VOC Press


London Cocktail Guide’s choice: VOC, King’s Cross
VOC may not be an obvious candidate for a list of stylish bars but sometimes great effects are achieved through contrast. Its dingy King’s Cross locale ensures this dark wood, brass and glass homage to the 17th century punch house is always a haven. In any case, as a Fluid Movement venture (the team behind Purl and the Whistling Shop), it’s always going to be the drinks that convey the style. Signature serves include barrel-aged beverages and a range of punches, grogs and flips but my favourite is the raspberry shrub. Served in a cork-stoppered flask, it’s a subtle, rum-scented mouthful that evokes a bygone era - a description equally apt for the bar itself.

Big Hospitality

VOC London to launch grill restaurant alongside punch house bar
By Peter Ruddick 
The team behind VOC London have revealed they are transforming the Kings Cross venue to create a new 38-cover grill restaurant which will accompany the existing 17th century punch house-inspired bar.

World's Best Bar

Owned by the same team who run Purl and the Worship Street Whistling Shop, VOC replaces the somewhat anonymous CellarN1. They've created a seventeenth-century punch house in King's Cross; the quirky space evokes an earlier age of wonder and discovery, full of weathered maps of the world, candles and telescopes. It takes its name from the Vereenigde Oost-Indische Compagnie (better known to us as the Dutch East India Company) and the drinks hail from a similar time period. Punches are the main pull here; these drinks were first popular in the seventh century, carried to England on the back of the spice trade. The drinks menu celebrates this early form of cocktail. There's a huge number to choose from and the bespoke bottled drinks are particularly exciting.

VOC (www.voc-london.com) is a really interesting little hole-in-the-wall type of place. It’s in what is billed the Regent Quarter in King’s Cross in a courtyard shared with Spanish restaurant and bar Camino and its sister bar Pepito. VOC stands for Vereenigde Oost-Indische Compagnie, which translates as the Dutch East India Company, and the menu reflects that heritage with plenty of punches and other old-time drinks. The USP at VOC is the small wooden casks and wax-sealed glass bottles that sit above and behind the bar – they contain grogs and punches, aged cocktails and various other quirky concoctions and infusions. Try Genever aged in new oak with tea, lemon oils, bitters, cloves and honey; or arrack (a palm-derived spirit) with coriander seeds, cloves, cinnamon and sugar; or gin with porter, horseradish, apple, vanilla sugar and spices. It’s experimental and modern and yet old in terms of its heritage.


These barrel-aged drinks are available in an increasingly large number of London bars where the cocktail is taken seriously. VOC, a 17th-century-style ‘punch house’ in a cellar near King's Cross has a selection of such cocktails on the menu.



From Fluid Movement, which brought us Purl and the Worship Street Whistling Shop, VOC occupies a smallish, cosy space in one of north London’s most restaurant-intensive precincts. The name derives from the Dutch East India Company, and there’s a nautical and historical theme to the drinks list. Punches based on old recipes figure large, though modern technology brings them right up to date. Playing it safe with the classics is by no means the inferior option, however, as textbook martinis and caipirinhas proved. It took us a while to get our drinks because of lack of staff behind the tiny bar (barely five feet long), and there’s no table service, so you have to queue. But no one seemed to mind. Interestingly, more people were drinking beer or wine than cocktails, at least on our visit. VOC now has a restaurant too, majoring on grilled meat.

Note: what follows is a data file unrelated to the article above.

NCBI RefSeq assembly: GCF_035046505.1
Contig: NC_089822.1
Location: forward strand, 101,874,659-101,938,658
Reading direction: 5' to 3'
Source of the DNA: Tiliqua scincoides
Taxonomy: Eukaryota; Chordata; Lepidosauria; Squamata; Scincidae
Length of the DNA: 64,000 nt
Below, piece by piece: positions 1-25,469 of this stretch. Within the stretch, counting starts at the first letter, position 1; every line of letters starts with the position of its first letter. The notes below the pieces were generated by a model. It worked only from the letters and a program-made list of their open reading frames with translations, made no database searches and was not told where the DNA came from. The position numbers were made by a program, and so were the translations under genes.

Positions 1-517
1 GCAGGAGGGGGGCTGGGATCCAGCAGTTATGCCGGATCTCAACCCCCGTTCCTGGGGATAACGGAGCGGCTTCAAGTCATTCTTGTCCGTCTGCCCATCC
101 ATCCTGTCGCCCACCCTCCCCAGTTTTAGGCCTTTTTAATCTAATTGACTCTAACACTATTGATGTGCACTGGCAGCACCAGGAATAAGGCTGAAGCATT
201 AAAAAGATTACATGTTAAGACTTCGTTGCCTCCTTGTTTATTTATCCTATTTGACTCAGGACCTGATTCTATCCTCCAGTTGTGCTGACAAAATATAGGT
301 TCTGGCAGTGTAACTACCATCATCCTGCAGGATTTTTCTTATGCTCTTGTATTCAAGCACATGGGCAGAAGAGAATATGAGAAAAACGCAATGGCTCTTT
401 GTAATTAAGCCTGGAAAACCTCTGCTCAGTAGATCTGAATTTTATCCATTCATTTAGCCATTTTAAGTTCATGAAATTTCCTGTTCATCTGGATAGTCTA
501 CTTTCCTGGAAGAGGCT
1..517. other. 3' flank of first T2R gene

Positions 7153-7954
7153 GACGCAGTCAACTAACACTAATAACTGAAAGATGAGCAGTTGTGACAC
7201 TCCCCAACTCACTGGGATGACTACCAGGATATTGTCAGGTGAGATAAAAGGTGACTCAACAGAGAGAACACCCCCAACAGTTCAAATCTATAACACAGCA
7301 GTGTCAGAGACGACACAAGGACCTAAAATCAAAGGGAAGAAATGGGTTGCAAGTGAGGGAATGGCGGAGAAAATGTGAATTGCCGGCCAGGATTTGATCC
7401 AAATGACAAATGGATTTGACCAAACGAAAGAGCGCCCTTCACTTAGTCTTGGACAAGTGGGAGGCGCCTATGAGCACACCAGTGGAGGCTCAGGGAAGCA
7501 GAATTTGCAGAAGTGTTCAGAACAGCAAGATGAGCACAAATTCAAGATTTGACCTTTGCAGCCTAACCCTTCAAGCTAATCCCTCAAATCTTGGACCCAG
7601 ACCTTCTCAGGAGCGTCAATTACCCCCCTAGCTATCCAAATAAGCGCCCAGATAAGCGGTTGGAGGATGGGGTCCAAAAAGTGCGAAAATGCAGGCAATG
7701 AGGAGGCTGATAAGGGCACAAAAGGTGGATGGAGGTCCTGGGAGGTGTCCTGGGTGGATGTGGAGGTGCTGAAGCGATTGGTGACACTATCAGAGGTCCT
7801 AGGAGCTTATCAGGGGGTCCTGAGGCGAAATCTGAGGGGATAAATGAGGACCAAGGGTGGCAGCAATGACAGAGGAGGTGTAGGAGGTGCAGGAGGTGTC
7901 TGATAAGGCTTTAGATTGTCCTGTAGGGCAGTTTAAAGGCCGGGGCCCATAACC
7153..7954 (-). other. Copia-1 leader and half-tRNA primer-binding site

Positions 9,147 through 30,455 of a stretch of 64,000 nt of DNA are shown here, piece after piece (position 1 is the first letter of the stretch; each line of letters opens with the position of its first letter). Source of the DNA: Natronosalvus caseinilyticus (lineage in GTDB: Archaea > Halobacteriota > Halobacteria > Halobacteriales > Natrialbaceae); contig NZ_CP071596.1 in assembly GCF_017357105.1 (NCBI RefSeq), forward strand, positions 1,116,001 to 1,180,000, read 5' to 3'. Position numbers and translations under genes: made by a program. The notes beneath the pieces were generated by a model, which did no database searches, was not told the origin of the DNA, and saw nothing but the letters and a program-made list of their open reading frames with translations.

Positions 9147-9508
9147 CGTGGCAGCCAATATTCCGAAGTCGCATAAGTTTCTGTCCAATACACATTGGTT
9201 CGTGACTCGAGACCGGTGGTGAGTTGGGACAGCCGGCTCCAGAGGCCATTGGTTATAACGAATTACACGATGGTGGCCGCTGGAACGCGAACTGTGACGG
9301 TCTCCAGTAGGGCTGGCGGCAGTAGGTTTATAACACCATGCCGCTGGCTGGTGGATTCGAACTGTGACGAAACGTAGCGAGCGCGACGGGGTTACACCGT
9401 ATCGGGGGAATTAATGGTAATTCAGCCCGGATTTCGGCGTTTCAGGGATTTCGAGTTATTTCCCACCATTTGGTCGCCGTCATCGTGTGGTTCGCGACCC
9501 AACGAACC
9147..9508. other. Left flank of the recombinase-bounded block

Square Meal

With sherry bar Pepito next door, this similarly diminutive hangout is further reason to visit redeveloped Varnishers Yard. VOC is short for Vereenigde Oo-Indische Compagnie (aka the Dutch East India Company) & the cute candlelit cocktail bar takes its inspiration from the Far East for sensational sakés, stirs, barrel-aged infusions & punch. Beautifully presented in covetable stemware, summery bergamot grog is infused with galangal, fresh tobacco leaf & Earl Grey tea, while Walsingham’s interrogation (Tanqueray & mint lengthened with apple juice & ginger) uncovers a secret ingredient – chywanaprash (a sweet-&-sour Ayurvedic tonic oft-referred-to as ‘the elixir of life’). Otherwise, homemade raspberry shrub matured in vintage-style, wax-sealed bottles is a bushy-tailed zinger. The Italian head bartender’s passion is tangible & his attention to detail pays dividends.

3 days in London

VOC Takes its name and seventeenth-century maritime theme from the Vereenigde Oost-Indische Compagnie, more commonly known as the Dutch East India Company which, from 1602, enjoyed a lucrative monopoly of the Asian spice trade
During the seventeenth century, punches were a big deal. Traditionally made with five ingredients including a spirit (either Dutch gin called genever or arrack made with coconut palm), punches have made a come back at VOC with the involvement of Fluid Movement (the team behind Purl Marylebone and The Whistling Shop in Shoreditch), a collective of award winning mixologists and drinks enthusiasts.
Since opening in 2009, VOC has created a phenomenal range of drinks inspired from a bygone era with a modern Interpretation, using seasonal produce and the latest molecular mixology techniques.
Yes, I most certainly was interested, so last night we headed over to Kings Cross for our dinner.
Kings Cross Station is a hub of mayhem, the Varnishers Yard where VOC is located; an oasis of calm and tranquility.
Stepping into the courtyard off Pentonville Street your’e not only taken back in time to a more relaxed era, but into a tiny corner of one of London’s many historical areas. Read more at the link below.